Infirma etiam est hæc ratio (saith Zanchy); and we may justly deny the consequence, since a plurality of worlds doth not take away the unity of the first Mover, Ut enim forma substantialis, sic primum efficiens apparentem solummodo multiplicitatem induit per signatam materiam (saith a countryman of ours 5.) As the substantial form, są the efficient cause hath only an appearing multiplicity from its particular matter. You may see this point more largely handled, and these arguments more fully answered by Plutarch in his book, “ Why Oracles are silent," and Jacob Carpentarius in his comment on Alcinous,

But our opposites, the interpreters themselves, (who too often do jurare in verba magistri) will grant that there is not any strength in these consequences; and certainly then such weak arguments could not convince that wise philosapher, who in his other opinions was wont to be swayed by the strength and power of reason; wherefore I should rather think that he had some by-respect, which made him * De operibus Dei, par. 2. lib. 2. cap. 2. + De Cælo, 1. 1. c.9.q.1. Metaphys. I. 12. c. 8. Diog. Laert. lib. 3. Nic. Hill. de Philosoph. Epic. partic. 379.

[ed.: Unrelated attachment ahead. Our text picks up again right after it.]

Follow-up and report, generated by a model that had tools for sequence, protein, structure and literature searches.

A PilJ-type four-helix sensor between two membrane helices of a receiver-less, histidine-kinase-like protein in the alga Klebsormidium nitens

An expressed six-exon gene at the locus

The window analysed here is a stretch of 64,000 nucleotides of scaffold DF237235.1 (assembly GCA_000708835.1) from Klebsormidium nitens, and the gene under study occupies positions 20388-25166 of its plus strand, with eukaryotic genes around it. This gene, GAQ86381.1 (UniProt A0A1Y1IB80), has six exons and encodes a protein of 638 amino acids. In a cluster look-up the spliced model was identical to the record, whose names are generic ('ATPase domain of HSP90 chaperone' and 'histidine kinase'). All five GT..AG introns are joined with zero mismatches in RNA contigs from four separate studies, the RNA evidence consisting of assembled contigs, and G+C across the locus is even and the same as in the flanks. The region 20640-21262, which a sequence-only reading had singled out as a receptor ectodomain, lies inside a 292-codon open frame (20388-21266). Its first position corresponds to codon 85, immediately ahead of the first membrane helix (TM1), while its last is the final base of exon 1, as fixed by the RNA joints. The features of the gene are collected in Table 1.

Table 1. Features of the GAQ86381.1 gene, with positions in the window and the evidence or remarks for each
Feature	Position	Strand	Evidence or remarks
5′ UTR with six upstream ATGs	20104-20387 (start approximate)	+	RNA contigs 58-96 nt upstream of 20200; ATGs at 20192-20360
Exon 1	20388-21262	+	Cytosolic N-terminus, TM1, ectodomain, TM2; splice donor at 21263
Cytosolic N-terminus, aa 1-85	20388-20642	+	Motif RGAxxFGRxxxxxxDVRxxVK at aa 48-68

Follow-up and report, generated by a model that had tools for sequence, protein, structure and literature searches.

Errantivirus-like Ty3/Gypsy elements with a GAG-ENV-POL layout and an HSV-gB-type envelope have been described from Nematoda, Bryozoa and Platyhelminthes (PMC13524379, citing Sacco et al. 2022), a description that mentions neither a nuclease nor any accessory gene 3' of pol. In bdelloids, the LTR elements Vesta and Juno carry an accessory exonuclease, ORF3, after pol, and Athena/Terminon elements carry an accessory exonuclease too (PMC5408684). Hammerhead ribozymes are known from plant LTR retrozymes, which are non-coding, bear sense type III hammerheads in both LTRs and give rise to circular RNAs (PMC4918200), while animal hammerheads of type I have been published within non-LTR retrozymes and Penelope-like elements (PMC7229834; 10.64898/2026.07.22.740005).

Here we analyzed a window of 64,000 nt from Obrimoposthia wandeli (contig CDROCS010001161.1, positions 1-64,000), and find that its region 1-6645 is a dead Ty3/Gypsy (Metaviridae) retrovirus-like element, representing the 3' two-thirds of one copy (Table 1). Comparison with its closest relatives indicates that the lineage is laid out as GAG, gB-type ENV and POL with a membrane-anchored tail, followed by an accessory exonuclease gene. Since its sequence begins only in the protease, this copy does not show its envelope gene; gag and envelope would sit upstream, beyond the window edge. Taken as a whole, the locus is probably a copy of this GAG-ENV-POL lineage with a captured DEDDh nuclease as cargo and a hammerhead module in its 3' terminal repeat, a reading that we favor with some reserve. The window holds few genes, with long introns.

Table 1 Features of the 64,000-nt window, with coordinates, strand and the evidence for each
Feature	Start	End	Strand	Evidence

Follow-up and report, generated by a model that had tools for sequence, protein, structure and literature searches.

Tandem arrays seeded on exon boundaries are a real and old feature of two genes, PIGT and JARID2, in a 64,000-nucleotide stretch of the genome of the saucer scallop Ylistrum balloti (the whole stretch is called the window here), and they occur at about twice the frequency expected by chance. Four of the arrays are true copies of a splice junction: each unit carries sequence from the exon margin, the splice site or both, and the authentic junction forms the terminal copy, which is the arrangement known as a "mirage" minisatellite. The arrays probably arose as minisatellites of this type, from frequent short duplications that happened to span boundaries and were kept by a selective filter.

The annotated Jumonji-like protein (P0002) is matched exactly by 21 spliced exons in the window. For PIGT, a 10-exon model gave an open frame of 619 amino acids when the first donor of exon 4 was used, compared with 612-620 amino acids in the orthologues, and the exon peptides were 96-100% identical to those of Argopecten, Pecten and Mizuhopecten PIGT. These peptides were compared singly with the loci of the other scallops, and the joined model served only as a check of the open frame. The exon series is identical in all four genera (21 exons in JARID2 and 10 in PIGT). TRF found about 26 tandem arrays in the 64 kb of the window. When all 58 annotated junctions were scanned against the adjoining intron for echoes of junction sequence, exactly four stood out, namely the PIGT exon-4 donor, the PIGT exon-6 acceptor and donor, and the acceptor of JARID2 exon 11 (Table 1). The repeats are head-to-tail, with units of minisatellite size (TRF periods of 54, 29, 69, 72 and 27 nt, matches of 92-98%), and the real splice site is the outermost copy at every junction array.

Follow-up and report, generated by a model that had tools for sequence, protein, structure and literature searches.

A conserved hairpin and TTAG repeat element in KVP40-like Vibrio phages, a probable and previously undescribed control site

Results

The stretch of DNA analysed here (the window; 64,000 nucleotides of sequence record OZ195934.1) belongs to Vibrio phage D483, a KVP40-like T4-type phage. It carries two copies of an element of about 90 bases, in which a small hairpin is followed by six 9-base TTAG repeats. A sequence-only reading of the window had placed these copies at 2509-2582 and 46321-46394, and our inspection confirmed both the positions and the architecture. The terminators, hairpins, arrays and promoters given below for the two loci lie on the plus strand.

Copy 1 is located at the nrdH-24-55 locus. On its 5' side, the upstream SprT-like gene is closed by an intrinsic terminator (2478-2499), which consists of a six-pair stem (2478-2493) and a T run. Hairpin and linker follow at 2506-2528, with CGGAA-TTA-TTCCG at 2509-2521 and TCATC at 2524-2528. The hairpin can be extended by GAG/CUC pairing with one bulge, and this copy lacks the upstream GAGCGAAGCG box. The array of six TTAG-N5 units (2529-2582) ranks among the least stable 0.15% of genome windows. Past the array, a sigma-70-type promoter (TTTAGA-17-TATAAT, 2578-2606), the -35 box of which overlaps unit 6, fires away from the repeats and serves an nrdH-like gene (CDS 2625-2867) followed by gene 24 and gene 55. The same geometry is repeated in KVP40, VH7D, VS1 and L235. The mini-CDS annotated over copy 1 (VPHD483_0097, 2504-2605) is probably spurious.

first assent to this opinion, and afterwards strive to prove it. Perhaps it was because he feared to displease his scholar Alexander*; of whom it is related, that he wept to hear a disputation of another world, since he had not then attained the monarchy of this ; his restless wide heart would have esteemed this globe of earth not big enough for him, if there had been another ; which made the satyrist say of him,

Æstuat infælix angusto limite mundi t. ” That he did vex himself, and sweat in his desires, as şs being penned up in a narrow room, when he was con☆« fined but to one world.” Before, he thought to seat himself next the gods, but now, when he had done his best, he must be content with some equal, or perhaps superior kings.

It may be, that Aristotle was moved to this opinion, that he might thereby take from Alexander the occasion of this fear and discontent; or else, perhaps, Aristotle himself was as loth to hold the possibility of a world which he could not discover, as Alexander was to hear of one which he could not conquer. It is likely that some such by-respect moved him to this opinion, since the arguments he urges for it are confessed by his zealous followers and commentators, to be very slight and frivolous; and they themselves grant, what I am now to prove, that there is not any evidence in the light of natural reason, which can sufficiently manifest that there is but one world.

But however some may object, would it not be inconvenient and dangerous to adınit of such opinions that do destroy those principles of Aristotle which all the world hath so long followed?

This question is much controverted by some of the Romish divines I: Campanella hath writ a treatise in defence of it, in whom you may see many things worth the reading and notice.

To it I answer, That this position in philosophy doth

* Plutarch. de tranq. anim.

† Juvenal. # Apologia pro Galileo.